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Spaza Shops: Analysis of Business Strategy

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Introduction

The objective of this paper is to highlight the issues relating to informal regulation arrangements for spaza shops run by foreign nationals in some South African townships. The main point this paper wants to bring forward is that while those informal regulations are intended to bring purported ‘peace’ they can also lead to different outcomes depending on the interaction between community members, foreign nationals, community leaders and government authority. Hence, this is an attempt to understand why the spaza shop owners and related stakeholders in some South African townships have to resort to and navigate through- informal regulation arrangements with regards to the opening of the new shops. In this regard, selected areas of Dunoon, Khayelitsha, Masiphumelele and Motherwell are considered. While a similar study has been conducted in recent years in some of these areas, in the Western Cape in particular, those studies only focused on the spaza shops owned by Somali nationals. Instead, this paper focusses on the spaza shops that are owned predominantly by people of Somali, Ethiopian, Bangladeshi and Pakistani origin or descent.

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Focussing on variety of foreign nationals who are running spaza shops in these areas shed light on how informal regulations impact on their interaction with each other and other related stakeholders. Therefore, this study is another step at exploring the experiences of foreign nationals operating spaza shops in the informal economy of South Africa and an attempt to explain their involvement in informal regulations arrangements. It takes into cognizance the importance of advocating the development of informal trading policy and legislation that enhances rather than thwarts human and social rights. The study applies a qualitative approach to better understand this issue through interviews with spaza shop owners, community leaders, police and ordinary community members in Dunoon, Khayelitsha, Masiphumele and Motherwell.

Contextual Background

Informal sector

Since the country’s advent to democracy, South Africa has been and is said to be “undergoing triple transition: a transition to a globally competitive economy, attempting to consolidate democracy and remove the legacy of apartheid” (van Hold, 2002, quoted in Webster, 2003). Consequently, the country’s integration into the global economy has been marked by the process of informalisation amongst others (Valodia, 2000; Verick, 2009), which has resulted in a rapid growth in the informal sector. This growth in informal economy in the past decades has also been noticed in other developing countries (Valodia and Devey, 2011:4; Mulinge and Munyae, 1998: 41). However, it is important to mention that historically informal sector existed mostly in “hidden space” in South Africa’s urban areas during the apartheid period despite the official legal restrictions and strict zoning regulations to deny black Africans the right of permanent residence in the so-called ‘white’ cities and opportunities to informal entrepreneurs (Rogerson 2000; van Klaveren et al. 2009: 17). In the advent of democracy, the informal economy is comprised mostly of businesses that operate outside of government regulations (Skinner, 2006). It is largely the absence of regulatory restraint which makes the informal sector possible since there are less restrictions or requirements to open a business.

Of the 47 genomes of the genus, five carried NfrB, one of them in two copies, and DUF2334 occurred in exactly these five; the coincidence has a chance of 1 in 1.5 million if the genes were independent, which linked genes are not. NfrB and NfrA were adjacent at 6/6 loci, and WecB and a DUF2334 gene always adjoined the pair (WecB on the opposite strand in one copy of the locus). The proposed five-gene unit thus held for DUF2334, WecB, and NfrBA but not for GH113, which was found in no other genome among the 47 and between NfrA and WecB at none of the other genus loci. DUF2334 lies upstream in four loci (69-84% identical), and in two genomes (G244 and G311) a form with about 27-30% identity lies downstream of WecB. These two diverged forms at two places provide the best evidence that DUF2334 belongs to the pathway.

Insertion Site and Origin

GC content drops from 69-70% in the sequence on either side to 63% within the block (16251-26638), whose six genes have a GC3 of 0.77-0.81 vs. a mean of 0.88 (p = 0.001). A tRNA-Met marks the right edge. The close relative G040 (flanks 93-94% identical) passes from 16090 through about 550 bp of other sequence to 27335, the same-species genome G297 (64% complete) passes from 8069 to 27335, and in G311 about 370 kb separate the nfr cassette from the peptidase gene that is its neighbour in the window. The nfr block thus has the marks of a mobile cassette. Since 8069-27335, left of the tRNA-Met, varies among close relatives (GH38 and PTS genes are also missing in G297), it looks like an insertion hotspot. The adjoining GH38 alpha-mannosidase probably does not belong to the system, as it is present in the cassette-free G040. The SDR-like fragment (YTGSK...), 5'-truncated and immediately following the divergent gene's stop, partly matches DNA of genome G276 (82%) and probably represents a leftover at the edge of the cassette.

It is within this context where spaza shops emerged in the early 1990s and are abundant throughout the informal settlement areas particularly in South Africa’s metropolitan centres, constituting an important business in the informal economy. In South Africa, a spaza shop is a small informal grocery shop operated mostly from residential premises in townships and exist in the informal economy meaning they mostly operate outside of the institutional and regulatory frameworks (Liedeman, Charman, Piper, and Petersen, 2012: 49). The word ‘spaza’ means ‘camouflaged’ or ‘hidden’ in Zulu slang and this term is used to refers to a camouflaged or hidden shops in a townships (Terblanche 1991:37) , during the apartheid era when black South Africans struggled to get business licenses as alluded to above.